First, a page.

Discussing the future of urban agriculture in KC

First,

a disclosure, my wife and I are one of the four community supported

agriculture (CSA) members at Bad Seed Farm. As such, we have a vested

interest in seeing Bad Seed succeed.

Jonathan Bender wrote this post on Fat City earlier today. Since it updates Carolyn Szczepanski’s post from earlier this week, we’re cross posting.

Urban farmers, community leaders and city officials gathered before a crowd of close to 100 people at Bad Seed Farm’s downtown market space on Tuesday night to discuss the process for potentially changing the development code in Kansas City.

“We

need to look at urban agriculture as a potential solution to problems

in the city, whether it’s the use of vacant lots, the greening effort,

or health issues,” said Daniel Heryer, who runs Bad Seed Farm with his

wife, Brooke Salvaggio.

Katherine Kelly, the director of the Kansas City Center for Urban Agriculture,

acted as moderator at the community meeting, which was designed to seek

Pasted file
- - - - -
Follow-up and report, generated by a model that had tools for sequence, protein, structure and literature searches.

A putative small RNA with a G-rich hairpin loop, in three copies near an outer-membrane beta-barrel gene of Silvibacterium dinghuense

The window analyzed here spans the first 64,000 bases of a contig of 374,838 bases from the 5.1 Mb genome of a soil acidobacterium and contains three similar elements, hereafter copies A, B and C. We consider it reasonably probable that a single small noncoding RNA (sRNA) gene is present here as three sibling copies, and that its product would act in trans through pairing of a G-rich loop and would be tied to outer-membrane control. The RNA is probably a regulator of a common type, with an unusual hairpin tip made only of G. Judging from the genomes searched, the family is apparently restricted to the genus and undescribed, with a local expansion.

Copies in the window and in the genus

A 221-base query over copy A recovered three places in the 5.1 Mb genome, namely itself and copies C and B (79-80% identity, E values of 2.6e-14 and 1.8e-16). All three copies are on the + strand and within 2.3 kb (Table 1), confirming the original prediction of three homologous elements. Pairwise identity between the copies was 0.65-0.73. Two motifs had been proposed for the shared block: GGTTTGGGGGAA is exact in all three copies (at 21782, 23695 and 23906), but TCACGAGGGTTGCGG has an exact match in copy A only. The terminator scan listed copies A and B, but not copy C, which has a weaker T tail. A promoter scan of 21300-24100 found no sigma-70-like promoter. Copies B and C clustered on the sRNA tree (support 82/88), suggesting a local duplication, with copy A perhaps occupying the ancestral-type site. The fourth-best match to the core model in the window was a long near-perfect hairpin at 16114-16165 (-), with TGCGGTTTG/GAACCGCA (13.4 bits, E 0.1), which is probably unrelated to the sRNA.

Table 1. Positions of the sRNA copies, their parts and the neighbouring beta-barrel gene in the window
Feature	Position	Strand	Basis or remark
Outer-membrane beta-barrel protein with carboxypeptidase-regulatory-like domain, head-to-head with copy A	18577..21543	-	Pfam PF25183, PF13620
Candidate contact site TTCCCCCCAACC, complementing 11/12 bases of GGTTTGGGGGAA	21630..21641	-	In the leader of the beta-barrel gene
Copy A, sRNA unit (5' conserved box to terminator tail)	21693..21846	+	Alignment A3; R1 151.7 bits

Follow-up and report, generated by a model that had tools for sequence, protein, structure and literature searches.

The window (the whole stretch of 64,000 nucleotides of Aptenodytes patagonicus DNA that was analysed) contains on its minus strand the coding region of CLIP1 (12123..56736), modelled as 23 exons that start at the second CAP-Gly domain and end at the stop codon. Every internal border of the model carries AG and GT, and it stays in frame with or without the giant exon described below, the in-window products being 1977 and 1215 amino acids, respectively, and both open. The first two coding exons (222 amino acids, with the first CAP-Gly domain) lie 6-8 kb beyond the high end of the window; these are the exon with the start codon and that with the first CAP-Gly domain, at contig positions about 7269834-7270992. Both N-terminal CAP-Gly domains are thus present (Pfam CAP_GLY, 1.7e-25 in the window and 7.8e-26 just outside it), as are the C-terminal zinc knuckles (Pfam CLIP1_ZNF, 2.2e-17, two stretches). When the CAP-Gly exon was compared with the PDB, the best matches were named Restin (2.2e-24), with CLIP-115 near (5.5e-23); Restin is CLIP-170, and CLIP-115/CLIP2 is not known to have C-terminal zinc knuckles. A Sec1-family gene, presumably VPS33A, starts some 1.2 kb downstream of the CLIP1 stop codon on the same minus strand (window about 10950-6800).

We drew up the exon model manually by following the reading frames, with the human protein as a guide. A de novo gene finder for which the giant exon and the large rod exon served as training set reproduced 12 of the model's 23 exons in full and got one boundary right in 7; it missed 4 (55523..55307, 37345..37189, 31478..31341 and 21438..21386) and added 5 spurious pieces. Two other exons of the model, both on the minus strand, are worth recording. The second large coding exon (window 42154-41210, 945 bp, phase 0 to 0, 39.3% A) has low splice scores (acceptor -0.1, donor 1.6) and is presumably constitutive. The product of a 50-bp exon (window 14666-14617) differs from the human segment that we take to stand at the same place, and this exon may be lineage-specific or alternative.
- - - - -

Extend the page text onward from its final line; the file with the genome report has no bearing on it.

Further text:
input and find community advocates willing to serve on an urban

agriculture steering committee tasked with drafting an amendment to the

current ordinance that governs zoning and development.

“Ideally

we’ll come up with templates that will serve as a model for other

municipalities,” said Kelly of the committee, which will have a

separate subcommittee on raising livestock in an urban or suburban

setting.

City officials candidly discussed the reasons why Bad Seed Farm was

issued citations for violating the current development code, while also

recognizing that this issue requires the code to be updated.

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